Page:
Clinical Trial: The Effects of Honey on Febrile Neutropeniain Children with Acute Lymphoblastic Leukemia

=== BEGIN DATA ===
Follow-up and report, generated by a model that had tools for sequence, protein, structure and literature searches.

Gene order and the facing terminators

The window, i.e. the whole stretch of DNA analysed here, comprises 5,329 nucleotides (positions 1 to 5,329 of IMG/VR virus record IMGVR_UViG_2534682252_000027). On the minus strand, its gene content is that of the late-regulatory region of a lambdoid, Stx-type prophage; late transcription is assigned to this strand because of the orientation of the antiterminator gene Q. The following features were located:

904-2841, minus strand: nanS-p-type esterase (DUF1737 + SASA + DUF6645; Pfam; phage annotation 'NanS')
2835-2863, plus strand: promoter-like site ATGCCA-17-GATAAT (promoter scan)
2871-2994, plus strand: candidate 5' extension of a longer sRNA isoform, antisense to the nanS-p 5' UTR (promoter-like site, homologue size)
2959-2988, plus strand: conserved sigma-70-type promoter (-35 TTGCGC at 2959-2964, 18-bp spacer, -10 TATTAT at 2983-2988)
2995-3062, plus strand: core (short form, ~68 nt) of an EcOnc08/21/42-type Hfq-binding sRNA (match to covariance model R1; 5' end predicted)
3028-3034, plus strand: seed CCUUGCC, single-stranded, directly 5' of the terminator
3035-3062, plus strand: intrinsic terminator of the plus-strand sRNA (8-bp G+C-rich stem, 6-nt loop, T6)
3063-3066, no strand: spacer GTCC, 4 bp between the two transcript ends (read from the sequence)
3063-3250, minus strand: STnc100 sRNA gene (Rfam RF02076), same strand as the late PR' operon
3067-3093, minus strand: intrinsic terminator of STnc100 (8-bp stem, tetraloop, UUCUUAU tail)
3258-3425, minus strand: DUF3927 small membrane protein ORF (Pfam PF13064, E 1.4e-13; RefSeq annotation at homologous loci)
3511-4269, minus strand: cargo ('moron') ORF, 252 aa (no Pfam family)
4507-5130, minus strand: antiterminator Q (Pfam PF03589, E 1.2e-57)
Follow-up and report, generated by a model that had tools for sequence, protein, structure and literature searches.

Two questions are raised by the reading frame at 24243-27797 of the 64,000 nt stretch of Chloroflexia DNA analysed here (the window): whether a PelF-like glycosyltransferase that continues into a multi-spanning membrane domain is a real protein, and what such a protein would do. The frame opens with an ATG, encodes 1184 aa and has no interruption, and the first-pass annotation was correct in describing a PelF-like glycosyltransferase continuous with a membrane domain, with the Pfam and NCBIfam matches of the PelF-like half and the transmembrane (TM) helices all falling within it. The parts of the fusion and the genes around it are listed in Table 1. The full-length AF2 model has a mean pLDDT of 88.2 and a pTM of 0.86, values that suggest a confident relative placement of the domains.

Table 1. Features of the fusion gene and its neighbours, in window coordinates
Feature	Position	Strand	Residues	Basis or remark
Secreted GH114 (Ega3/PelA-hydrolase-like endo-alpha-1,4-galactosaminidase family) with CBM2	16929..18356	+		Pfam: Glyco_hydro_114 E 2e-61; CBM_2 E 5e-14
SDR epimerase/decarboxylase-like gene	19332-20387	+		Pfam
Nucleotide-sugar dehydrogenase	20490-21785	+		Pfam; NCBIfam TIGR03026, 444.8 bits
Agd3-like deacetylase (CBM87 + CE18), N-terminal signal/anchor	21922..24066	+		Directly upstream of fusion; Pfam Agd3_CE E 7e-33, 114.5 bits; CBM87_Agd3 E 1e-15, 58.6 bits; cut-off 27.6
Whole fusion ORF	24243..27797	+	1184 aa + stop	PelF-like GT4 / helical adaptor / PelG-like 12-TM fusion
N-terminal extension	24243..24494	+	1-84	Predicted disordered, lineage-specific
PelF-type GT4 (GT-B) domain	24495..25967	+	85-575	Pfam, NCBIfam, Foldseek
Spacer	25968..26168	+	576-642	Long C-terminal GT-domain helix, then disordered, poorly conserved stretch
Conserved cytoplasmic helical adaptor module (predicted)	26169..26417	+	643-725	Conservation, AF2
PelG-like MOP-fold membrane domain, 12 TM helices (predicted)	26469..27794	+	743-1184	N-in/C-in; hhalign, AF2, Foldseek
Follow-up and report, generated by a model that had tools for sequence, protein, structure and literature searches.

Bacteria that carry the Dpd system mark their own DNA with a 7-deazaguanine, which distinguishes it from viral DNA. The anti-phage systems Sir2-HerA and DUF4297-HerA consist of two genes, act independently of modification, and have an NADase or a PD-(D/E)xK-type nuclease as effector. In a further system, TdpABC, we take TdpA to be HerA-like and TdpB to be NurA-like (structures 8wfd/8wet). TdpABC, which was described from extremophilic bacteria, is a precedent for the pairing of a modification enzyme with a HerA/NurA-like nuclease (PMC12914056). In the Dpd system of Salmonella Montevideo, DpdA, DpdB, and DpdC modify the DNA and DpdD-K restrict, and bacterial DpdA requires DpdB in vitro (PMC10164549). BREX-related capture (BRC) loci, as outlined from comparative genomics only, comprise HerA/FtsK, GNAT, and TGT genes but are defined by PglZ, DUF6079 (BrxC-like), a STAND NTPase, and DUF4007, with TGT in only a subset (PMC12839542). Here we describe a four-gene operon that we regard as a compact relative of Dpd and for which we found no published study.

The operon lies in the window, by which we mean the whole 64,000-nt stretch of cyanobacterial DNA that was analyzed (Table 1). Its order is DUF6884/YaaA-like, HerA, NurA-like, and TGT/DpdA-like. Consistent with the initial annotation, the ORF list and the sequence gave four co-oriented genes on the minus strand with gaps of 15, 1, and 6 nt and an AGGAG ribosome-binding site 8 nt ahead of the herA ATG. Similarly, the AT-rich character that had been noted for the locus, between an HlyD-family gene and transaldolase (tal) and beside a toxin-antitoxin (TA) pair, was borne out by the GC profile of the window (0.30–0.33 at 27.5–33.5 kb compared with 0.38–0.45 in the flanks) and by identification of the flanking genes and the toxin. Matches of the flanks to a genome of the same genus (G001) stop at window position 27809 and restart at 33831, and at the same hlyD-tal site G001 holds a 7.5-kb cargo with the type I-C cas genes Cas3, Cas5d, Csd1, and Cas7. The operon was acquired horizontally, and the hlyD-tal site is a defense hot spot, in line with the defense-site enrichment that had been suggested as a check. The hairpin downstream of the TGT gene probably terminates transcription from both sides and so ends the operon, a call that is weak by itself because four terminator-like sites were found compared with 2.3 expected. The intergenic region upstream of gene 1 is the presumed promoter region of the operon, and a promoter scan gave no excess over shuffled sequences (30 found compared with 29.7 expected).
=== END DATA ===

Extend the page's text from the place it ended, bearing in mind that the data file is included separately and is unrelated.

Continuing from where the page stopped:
Febrile neutropenia (FN) is a common and serious side effect of chemotherapy. Current management of FN is expensive and may induce side effects. Honey is a natural substance produced by honeybees. It possesses antioxidant, antimicrobial and anticancer effects. In addition, honey is not expensive. The aim of this study was to evaluate the effects of 12-week honey consumption on children with acute lymphoblastic leukemia (ALL) particularly with regards of FN episodes. This randomized crossover clinical trial included 40 patients of both sexes, aged 2.5 to 10 years. They were randomized into two equal groups [intervention to control (I/C) and control to intervention (C/I)]. The dietary intervention was 12-week honey consumption in a dose of 2.5g//kg body weight per dose twice weekly. The intervention resulted in a significant decrease of FN episodes and duration of hospital admission. Furthermore, the intervention improved the levels of hemoglobin and did not lead to any serious side effect. As a possible effect of honey withdrawal in the I/C group, the Hb%, the absolute neutrophil count and the platelet count decreased. This small clinical trial suggests that honey consumption might have positive effects on FN and hematologic parameters of children with ALL.